The Old Men of the Mountain traveled to Gracie’s Restaurant in Voorheesville on Tuesday, Aug. 27. This is the old Voorheesville Diner, which was taken to the ground and rebuilt.

Though the restaurant is now completely different, the trains are not. Four trains went past while the OMOTM were there and these trains were rolling by at a pretty quick pace. With watching something that large, the OFs tried to estimate their speed and they came up with about 50 miles per hour or faster.

An intellectual mood

From last week, we continued the OFs discussion on the paranormal. We discussed animals and their sense of what is going on around us before we humans know it. The OFs discussed the homing instinct of many animals and birds and how those that are newly born (especially birds) fly away thousands of miles in the fall, and in the spring, manage to find their way back to the same nest. How do they do that?

Before the advent of the 20th Century, science did not acknowledge the vitality of trees and plants. The OFs discussed some of Cleve Backster’s work on plants, and brine shrimp.

Then there was Jagadish Chandra Bose, an Indian plant physiologist and physicist, and his study on plants. One study backed up his other study on plants having life, and sending out electrical impulses (at least one being able to be recorded) that they are going to die before they do. Interesting information like that.

Like an apple knows it is going to picked before it is; also that it is going to fall off the tree on its own accord before it falls. The OFs were in an intellectual mood this Tuesday.

The OFs also mentioned the information in these books is very surprising. One was that mothers of some animals (if not all, but that is only a guess) know if something happens to their offspring and indicate this knowledge by twitching.

Cleve Backster used brine shrimp to prove this and then graduated his research to include rabbits. The Russians used dogs. The scribe thinks the internet or the library is in order on this one.

Train trips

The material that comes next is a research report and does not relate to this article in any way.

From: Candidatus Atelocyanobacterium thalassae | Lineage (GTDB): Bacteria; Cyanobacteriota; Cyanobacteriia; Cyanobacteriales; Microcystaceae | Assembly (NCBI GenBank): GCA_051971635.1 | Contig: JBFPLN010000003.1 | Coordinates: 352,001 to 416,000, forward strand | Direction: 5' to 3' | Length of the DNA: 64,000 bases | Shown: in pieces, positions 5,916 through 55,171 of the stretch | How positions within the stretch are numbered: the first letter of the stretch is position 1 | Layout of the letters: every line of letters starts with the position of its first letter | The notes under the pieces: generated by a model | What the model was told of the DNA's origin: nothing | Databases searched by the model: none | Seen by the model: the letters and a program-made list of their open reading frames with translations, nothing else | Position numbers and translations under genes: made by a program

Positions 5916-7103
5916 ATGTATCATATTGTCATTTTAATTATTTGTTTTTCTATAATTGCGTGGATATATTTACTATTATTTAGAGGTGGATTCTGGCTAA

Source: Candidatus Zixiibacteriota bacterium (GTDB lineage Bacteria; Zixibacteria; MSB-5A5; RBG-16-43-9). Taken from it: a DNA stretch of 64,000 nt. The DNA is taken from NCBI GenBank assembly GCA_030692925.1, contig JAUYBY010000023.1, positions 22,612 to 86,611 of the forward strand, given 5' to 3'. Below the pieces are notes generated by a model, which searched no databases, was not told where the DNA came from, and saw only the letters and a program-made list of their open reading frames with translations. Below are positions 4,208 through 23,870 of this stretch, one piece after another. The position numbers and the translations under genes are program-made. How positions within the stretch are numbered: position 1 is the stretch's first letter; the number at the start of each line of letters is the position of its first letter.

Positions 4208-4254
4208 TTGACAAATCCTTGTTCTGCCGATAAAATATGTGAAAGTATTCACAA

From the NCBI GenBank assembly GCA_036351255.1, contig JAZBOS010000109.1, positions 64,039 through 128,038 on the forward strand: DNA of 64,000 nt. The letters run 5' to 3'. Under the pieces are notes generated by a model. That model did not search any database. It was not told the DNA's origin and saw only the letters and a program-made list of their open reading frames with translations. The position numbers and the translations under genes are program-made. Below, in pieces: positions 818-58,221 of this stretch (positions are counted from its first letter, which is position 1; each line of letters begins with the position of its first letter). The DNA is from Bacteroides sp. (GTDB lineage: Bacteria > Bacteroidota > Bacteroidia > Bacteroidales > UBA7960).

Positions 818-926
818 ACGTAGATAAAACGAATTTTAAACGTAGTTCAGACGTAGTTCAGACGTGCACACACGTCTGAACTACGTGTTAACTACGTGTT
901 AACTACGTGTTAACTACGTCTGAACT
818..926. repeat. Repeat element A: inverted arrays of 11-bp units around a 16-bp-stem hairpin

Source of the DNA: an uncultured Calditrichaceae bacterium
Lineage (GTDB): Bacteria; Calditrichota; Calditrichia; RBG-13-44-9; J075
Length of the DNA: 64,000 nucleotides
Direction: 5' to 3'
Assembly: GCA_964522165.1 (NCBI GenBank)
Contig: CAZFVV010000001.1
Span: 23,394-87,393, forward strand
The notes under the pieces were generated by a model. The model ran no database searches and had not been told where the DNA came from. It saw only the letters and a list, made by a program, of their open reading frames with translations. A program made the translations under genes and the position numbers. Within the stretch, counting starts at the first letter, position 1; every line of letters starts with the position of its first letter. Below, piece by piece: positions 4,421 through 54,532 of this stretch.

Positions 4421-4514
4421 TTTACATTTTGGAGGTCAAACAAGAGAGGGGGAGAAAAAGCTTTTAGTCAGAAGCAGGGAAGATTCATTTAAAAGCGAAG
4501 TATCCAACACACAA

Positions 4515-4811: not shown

The OFs watched the trains go by and talked of some of their train trips. One OF mentioned taking a train excursion to Alaska and back and said that was quite an experience.

The OF said that the trip to Alaska was smooth and neat; however, they had to pull over every time a freight train went by. Apparently, the freight trains have the right of way. Also, he said, when they were in the plains part of Canada one day there was nothing to see but sunflowers — the whole day. That was kinda boring.

The OF noted that the return trip was completely different. He related that the train swayed back and forth, and clickety-clacked the whole way. The OF said a little better than half-way he told his wife he wanted to get off and fly the rest of the way home. The OF claimed the reason the trip is so long is the passenger train does spend a lot of time sitting on the side tracks waiting for the freight trains to go by in both countries.

Abundant apples

The OFs who have land, and old apple trees, are commenting on how many apples they have on them this year, and these apples are mostly worm-free. The OFs used to think these apples were useless except for feeding deer during the winter.

Now they are finding out they make really good cider — especially hard cider. Like anything else, the fad is catching on so that there is even a cider press on the market that can be used on these smaller sweet apples.

Some of the OFs have checked their old trees and say they are loaded and they may try making cider because of the quantity of apples they see. They will use their old presses to do it.

One OF said that, in the fall, there is nothing like warm cider doughnuts, and hot mulled cider, with pumpkin pie and whipped cream.

“Almost a meal,” another OF said.

A third OF said, “It isn’t fall yet, let’s enjoy the summer; it is short enough as it is. It seems like I just got the boat out, let alone used it.”

Spider scare

A different OF changed the subject completely as the conversation on apples started to peter out; he brought up the subject of spiders. The OF told about sitting down in his living room peacefully watching Rural TV when a blood-curdling scream came from the upstairs bathroom.

The OF said he jumped out of the chair as fast as he could.

“At my age,” he said, “that is not too fast because I have to push myself up and out by the arms of the chair.”